The High Court has been told doctors for a man who is suing the manufacturers of an allegedly faulty heart defibrillator believe removing the device now would pose a greater risk than leaving it in place.
Barrister Doireann O'Mahony told Mr Justice John Hedigan that her client Patrick McCarthy (41), a mechanical fitter, of Curragh Road, Turner's Cross, Cork, still had the cardio implant in his chest.
Ms O'Mahony said Mr McCarthy is suing cardiologist Gerard Fahy; South Infirmary Victoria Hospital Limited; and Medtronic Ireland Limited and several of its Irish associate companies for alleged negligence and breach of duty.
Mr Justice Hedigan granted Mr McCarthy a number of orders for discovery of documents limited to information within the remit of the defendants in Ireland. He rejected demands for world-wide discovery relating to Medtronic and its associated companies.
Paul Anthony McDermott, counsel for the defendants, said there had been part-agreed discovery. The defendants denied liability and full defences had been entered in the case, counsel said.
Mr McCarthy had a Medtronic implantable cardioverter defibrillator (ICD) implanted in August 2007 when under the care of Mr Fahy and the Cork hospital.
Medtronic and five associated defendants are alleged to have been responsible for the design, production, manufacture, marketing and sale of the Medtronic “Sprint Fidelis” leads used in the defibrillator.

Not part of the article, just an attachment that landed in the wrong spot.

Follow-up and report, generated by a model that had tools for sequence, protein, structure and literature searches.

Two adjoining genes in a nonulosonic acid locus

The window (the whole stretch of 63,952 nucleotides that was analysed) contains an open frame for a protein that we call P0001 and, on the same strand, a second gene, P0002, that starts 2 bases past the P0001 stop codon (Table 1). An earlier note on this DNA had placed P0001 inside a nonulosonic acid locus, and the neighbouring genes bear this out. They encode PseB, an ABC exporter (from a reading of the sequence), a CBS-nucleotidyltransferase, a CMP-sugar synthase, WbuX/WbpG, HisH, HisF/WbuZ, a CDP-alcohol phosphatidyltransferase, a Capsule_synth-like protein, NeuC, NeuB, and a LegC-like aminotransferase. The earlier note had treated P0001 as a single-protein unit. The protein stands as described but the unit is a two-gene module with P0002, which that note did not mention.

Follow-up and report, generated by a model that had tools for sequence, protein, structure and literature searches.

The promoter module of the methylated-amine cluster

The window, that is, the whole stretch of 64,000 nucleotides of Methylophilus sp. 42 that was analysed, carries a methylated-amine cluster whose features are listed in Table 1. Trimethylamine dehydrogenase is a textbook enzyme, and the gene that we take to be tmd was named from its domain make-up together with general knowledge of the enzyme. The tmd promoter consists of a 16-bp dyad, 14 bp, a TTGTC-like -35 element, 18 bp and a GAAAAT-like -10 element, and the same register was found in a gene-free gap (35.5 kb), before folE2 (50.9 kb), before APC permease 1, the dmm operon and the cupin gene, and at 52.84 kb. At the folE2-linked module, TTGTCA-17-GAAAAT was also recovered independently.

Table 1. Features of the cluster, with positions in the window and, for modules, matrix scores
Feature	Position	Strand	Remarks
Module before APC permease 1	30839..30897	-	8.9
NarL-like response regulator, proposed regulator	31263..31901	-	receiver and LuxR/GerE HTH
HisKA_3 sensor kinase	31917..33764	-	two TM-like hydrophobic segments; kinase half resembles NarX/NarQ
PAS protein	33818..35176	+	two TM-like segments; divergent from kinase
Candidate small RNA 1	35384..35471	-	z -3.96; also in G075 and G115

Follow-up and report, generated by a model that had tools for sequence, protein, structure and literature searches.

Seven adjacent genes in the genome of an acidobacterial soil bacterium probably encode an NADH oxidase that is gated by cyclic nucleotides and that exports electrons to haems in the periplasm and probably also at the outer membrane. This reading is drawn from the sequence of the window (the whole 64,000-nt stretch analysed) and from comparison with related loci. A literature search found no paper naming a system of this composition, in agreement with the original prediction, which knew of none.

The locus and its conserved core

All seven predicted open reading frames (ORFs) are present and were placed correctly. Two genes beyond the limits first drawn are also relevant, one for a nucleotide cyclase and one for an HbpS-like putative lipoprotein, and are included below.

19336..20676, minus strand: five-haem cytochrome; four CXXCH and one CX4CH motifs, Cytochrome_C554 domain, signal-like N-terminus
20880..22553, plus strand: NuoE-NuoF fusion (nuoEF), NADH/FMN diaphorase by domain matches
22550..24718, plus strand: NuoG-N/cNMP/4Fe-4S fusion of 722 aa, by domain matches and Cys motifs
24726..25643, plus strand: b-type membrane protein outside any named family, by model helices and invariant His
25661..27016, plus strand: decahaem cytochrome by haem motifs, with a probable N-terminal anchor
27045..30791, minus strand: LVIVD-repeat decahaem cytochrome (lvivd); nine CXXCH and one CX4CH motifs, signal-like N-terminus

He alleges Medtronic in March 2007 had been aware of defects in its device and issued a warning concerning the Sprint Fidelis leads but nevertheless permitted them to be used in the ICD implanted in him.
Ms O’Mahony told the court her client claimed the Sprint Fidelis leads tend to fracture, thereby blocking or distorting their electrical flow to the heart. He claims he now has defective product devices in his heart.
Mr McCarthy claims the Irish Medicines Board had in October 2007 confirmed that almost 1,200 people in Ireland had been fitted with the same type of heart defibrillator that had been linked to five deaths in the US.
At the time, Medtronic voluntarily suspended worldwide distribution of the Sprint Fidelis family of defibrillation leads — wires placed on heart muscles and attached to an implanted electrical device designed to maintain appropriate heart rhythm — and recalled any unused leads.
Mr McCarthy says Medtronic had said in 2007 that it had identified five patient deaths in which a Sprint Fidelis lead fracture may have been a possible or likely contributing factor. The Irish Medicines Board had advised patients to contact their cardiologists for medical advice.